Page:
Sometimes it's fun to consider what-ifs, like, "What if Ani DiFranco had signed with a major record label rather than opting to record and release her albums independently?" Once millions of dollars and videos of her looking all hot and sexy - riding on a hog or rolling around on a beach or dry-humping some dancer - changed her life, would she have been able to produce the insightful, painfully honest albums she churns out today with what seems like the regularity of tax season? Of course, fans want to imagine such a thing is impossible, that DiFranco would never sell out, but it's still fun (and whatever you think, a record deal can be a pretty compromising event in a person's life. It's hard to turn back once the Dark Side has you).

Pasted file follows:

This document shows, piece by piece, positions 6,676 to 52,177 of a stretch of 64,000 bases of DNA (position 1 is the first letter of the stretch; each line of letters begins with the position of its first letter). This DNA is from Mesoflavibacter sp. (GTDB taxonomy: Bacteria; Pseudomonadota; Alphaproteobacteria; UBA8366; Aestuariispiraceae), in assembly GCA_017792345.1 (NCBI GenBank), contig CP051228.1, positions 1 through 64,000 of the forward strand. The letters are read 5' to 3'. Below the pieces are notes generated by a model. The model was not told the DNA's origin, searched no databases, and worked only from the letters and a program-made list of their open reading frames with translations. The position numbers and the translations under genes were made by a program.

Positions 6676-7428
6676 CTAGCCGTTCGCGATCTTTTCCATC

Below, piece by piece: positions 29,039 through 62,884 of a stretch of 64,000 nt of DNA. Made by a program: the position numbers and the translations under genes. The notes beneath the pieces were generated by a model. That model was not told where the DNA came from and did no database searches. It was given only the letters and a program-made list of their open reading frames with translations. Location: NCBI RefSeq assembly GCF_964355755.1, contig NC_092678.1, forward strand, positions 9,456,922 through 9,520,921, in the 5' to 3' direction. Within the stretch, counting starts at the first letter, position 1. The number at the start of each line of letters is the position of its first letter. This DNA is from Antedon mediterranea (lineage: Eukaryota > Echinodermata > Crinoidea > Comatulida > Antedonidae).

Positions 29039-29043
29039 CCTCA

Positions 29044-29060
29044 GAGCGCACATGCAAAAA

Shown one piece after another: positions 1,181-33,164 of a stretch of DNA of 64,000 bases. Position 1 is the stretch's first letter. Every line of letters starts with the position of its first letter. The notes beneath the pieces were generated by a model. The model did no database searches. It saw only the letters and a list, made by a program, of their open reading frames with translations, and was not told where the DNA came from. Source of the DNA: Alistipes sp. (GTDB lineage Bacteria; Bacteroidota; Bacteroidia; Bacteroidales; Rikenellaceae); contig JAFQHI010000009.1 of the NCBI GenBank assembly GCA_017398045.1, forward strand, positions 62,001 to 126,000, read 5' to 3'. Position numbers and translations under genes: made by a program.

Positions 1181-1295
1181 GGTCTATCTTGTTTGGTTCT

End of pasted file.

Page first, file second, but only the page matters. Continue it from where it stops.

Since 1990, though, DiFranco has basically single-handedly proven that you don't need a record label to become an idolized, celebrated musical artist. All you need is truth, a bit of lyrical style, and a voice that offers a more intimate look into one's life than a video camera could ever hope to. With Reprieve, her latest album (recorded in the wake of Hurricane Katrina), nothing has changed except DiFranco's delivery. No, she hasn't gone pop. No, she hasn't stopped talking about politics. No, she isn't any less bitter about the state of the world or a woman's place in it. But DiFranco offers up something considerably more laconic than her most recent efforts, paring down her music to reveal an even more intense truth in haunting songs that, though not recorded live, place you right next to her at the bonfire as she pluck-strums her guitar. "Decree" makes the point best, as DiFranco sings, "the stars are going out and the stripes are getting bent." Ouch.
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